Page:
Fascism

Read this definition of fascism and keep it in mind as you read more about Mussolini's fascist state and the Nazi state.

Fascism (n.): A political regime, having totalitarian aspirations, ideologically based on a relationship between business and the centralized government, business-and-government control of the market place, repression of criticism or opposition, a leader cult, and the exaltation of the state and/or religion above individual rights.

 

Examples

Fascism in Japan: Japanese Rise and Expansion

  • In the aftermath of World War I, Japan's ambitions to become a global power led to establishing a unique totalitarian political system that combined ancient Japanese traditions with elements of European fascism and resulted in aggressive territorial expansion.
  • The creation of the Imperial Rule Assistance Association in 1940 is also seen as a Japanese response to the rise of fascism in Europe, which was to prevent the influences of German and Italian fascist movements.
  • Historians refer to it as statism in Shōwa Japan, Shōwa nationalism, or Japanese fascism.
  • Pre-WWII Japan was characterized by political totalitarianism, ultra-nationalism, expansionism, and fascism culminating in Japan's invasion of China in 1937.
  • During the pre-1945 period, Japan moved into political totalitarianism, ultranationalism, and fascism, as well as a series of expansionist wars, culminating in Japan's invasion of China in 1937.
  • Left-wing groups had been subject to violent suppression by the end of the Taishō period, and radical right-wing groups, inspired by fascism and Japanese nationalism, rapidly grew in popularity.


Political Critiques of the New Deal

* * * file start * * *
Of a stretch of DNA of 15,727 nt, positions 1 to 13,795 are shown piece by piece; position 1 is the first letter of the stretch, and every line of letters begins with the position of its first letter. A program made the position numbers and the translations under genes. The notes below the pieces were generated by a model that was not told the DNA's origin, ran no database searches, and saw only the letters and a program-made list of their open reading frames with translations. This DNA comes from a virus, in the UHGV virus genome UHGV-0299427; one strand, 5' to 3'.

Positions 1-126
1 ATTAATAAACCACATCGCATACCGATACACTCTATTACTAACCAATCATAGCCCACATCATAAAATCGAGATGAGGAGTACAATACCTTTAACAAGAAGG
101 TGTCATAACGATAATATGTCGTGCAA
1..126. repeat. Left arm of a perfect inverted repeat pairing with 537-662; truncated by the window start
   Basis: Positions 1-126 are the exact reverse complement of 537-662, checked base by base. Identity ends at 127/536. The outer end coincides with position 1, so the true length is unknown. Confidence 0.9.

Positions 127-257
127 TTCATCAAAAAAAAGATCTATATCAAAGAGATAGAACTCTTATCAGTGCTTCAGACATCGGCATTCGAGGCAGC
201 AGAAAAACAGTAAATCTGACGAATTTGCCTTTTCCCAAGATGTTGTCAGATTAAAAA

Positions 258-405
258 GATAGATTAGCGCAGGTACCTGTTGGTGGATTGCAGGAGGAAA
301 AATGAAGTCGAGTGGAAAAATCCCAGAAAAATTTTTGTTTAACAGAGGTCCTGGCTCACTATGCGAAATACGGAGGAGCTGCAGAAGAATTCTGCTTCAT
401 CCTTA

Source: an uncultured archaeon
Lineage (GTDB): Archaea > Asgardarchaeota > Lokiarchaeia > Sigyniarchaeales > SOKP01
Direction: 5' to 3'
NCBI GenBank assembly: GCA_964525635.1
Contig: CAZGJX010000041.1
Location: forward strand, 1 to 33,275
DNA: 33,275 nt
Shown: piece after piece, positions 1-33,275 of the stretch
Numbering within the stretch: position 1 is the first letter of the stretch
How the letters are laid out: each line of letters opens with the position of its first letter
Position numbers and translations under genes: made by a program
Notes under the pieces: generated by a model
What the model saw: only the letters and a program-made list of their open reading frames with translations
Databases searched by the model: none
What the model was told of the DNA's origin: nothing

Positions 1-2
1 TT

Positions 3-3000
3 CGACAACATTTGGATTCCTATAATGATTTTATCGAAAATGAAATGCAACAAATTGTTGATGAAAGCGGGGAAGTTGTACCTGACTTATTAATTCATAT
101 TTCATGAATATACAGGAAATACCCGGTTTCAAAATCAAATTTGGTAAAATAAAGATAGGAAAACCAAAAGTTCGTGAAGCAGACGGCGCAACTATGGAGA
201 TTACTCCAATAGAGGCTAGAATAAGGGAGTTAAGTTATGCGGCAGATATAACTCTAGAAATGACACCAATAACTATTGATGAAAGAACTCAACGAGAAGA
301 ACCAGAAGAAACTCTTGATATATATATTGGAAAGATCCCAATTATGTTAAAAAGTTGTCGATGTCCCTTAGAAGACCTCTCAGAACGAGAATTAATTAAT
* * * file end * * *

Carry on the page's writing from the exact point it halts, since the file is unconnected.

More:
• Some labeled the New Deal as fascism, although it is important to remember that at the time, fascism did not connote the tragedy of World War II but rather an ideology of authoritarian nationalism and planned economy, associated most often with Benito Mussolini's Italy.
  • While some labeled Long a socialist, Roosevelt called him "one of the two most dangerous men in America" and accused him of spreading fascism.
  • His activism attracted widespread accusations of promoting fascism and criticism of both American bishops and the Vatican.
  • Sometimes they will call it 'Fascism', sometimes 'Communism', sometimes 'Regimentation', sometimes 'Socialism'.


Issues with the Traditional Political Spectrum

  • Most long-standing spectra include a right and left, and according to the simplest left-right axis, communism and socialism are usually regarded internationally as being on the left, opposite fascism and conservatism on the right.
  • One alternative spectrum offered by the conservative American Federalist Journal accounts for only the "degree of government control " without consideration for any other social or political variable and, thus, places "fascism" (totalitarianism) at one extreme and "anarchy" (no government at all) at the other extreme.

Source: Boundless
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Last modified: Tuesday, 29 September 2020, 1:02 PM